Rouanet Law

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The Rouanet Law is a Brazilian law named after Sérgio Paulo Rouanet whose role is providing monetary funds for use in art and culture, including the production of movies. It is intended to encourage cultural investments and its major highlight is the tax incentive policy that enables companies and citizens to deduct a portion of income tax.

All projects must be approved by the Brazilian Ministry of Culture that examines technical feasibility of activities.


Despite the pros, there is criticism against the law, which includes the possibility of funds being misappropriated.[1] Critics also argue that the Ministry, rather than directly investing in culture, began to let companies themselves decide which kind of culture deserved to be sponsored.

The government's incentives to culture sums up to R$310 million (approximately US$82 million), in which R$30 million (U$8 million) goes to the National Arts Foundation and R$280 million (U$74 million) to the Rouanet Law, while the tax incentive no longer collects R$1 billion (US$263 million) to the Treasury.[2]

In 2018, an attempt to revoke the Rouanet Law ruled the Federal Senate. The 2017 Legislative Suggestion Nº 49 requested the revocation of the law, but was rejected by the Human Rights Commission and Participatory Legislation of the Senate, following the report of Senator Marta Suplicy.[3][4][5]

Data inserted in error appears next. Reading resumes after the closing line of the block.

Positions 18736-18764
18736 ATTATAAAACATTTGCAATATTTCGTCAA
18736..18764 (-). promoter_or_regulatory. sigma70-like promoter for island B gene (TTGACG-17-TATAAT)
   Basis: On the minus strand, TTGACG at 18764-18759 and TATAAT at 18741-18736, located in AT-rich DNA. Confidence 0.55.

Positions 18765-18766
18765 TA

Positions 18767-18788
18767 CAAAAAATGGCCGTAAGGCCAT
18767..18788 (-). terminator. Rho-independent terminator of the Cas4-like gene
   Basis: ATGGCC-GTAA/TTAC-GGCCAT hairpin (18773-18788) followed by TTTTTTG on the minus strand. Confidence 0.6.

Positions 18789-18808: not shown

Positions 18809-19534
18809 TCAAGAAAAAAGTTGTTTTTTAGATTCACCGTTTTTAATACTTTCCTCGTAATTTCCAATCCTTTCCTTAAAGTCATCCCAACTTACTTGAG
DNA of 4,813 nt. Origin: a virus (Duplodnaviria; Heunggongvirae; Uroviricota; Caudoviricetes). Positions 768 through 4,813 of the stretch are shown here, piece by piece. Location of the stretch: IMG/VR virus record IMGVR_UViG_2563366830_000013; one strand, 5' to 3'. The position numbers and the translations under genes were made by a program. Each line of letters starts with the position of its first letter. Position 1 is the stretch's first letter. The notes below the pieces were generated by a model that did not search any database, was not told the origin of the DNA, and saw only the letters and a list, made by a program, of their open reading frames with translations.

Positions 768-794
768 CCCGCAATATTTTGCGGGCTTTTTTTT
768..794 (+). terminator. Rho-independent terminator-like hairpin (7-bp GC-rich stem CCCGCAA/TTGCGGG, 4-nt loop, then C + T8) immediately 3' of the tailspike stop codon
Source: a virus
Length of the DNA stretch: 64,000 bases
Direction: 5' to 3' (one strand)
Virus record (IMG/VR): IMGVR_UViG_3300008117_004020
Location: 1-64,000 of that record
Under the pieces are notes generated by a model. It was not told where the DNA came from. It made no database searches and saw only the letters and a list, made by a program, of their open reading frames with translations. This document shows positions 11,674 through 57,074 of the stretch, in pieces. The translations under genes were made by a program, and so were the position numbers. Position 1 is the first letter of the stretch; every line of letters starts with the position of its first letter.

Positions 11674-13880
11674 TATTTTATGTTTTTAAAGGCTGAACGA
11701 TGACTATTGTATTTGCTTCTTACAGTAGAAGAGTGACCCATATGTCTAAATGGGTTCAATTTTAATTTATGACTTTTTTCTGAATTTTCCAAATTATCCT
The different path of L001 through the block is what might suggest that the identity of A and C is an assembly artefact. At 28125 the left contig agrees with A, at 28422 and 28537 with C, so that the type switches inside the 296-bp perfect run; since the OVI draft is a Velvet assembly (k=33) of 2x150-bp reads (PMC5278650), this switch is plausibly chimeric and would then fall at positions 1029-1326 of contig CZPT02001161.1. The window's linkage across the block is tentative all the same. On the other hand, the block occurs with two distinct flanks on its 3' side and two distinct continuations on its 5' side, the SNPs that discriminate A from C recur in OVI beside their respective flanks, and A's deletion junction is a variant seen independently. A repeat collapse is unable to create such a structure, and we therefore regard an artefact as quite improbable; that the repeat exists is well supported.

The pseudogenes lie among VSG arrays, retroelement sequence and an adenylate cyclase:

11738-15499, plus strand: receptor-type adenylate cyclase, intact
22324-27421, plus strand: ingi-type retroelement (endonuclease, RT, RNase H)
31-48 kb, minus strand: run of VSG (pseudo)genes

1. ^ "Fundação de Sarney dá verba da Petrobrás a empresas fantasmas - Política - Estadão". Estadão (in Portuguese). Retrieved 2018-11-22.
  2. ^ "Nova Lei Rouanet empaca no calendário". Folha de S.Paulo. Retrieved 2018-11-22.
  3. ^ "CDH rejeita sugestão popular para o fim da Lei Rouanet". Senado Federal (in Portuguese). 2018-06-13. Retrieved 2018-11-22.
  4. ^ "Em 38 horas, extinção da Lei Rouanet alcança 20 mil apoios e virará projeto no Senado". Jusbrasil (in Portuguese). Retrieved 2018-11-22.
  5. ^ "Pedido de revogação da Lei Rouanet é elevado à Sugestão Legislativa - Cultura e Mercado". (in Portuguese). Retrieved 2018-11-22.

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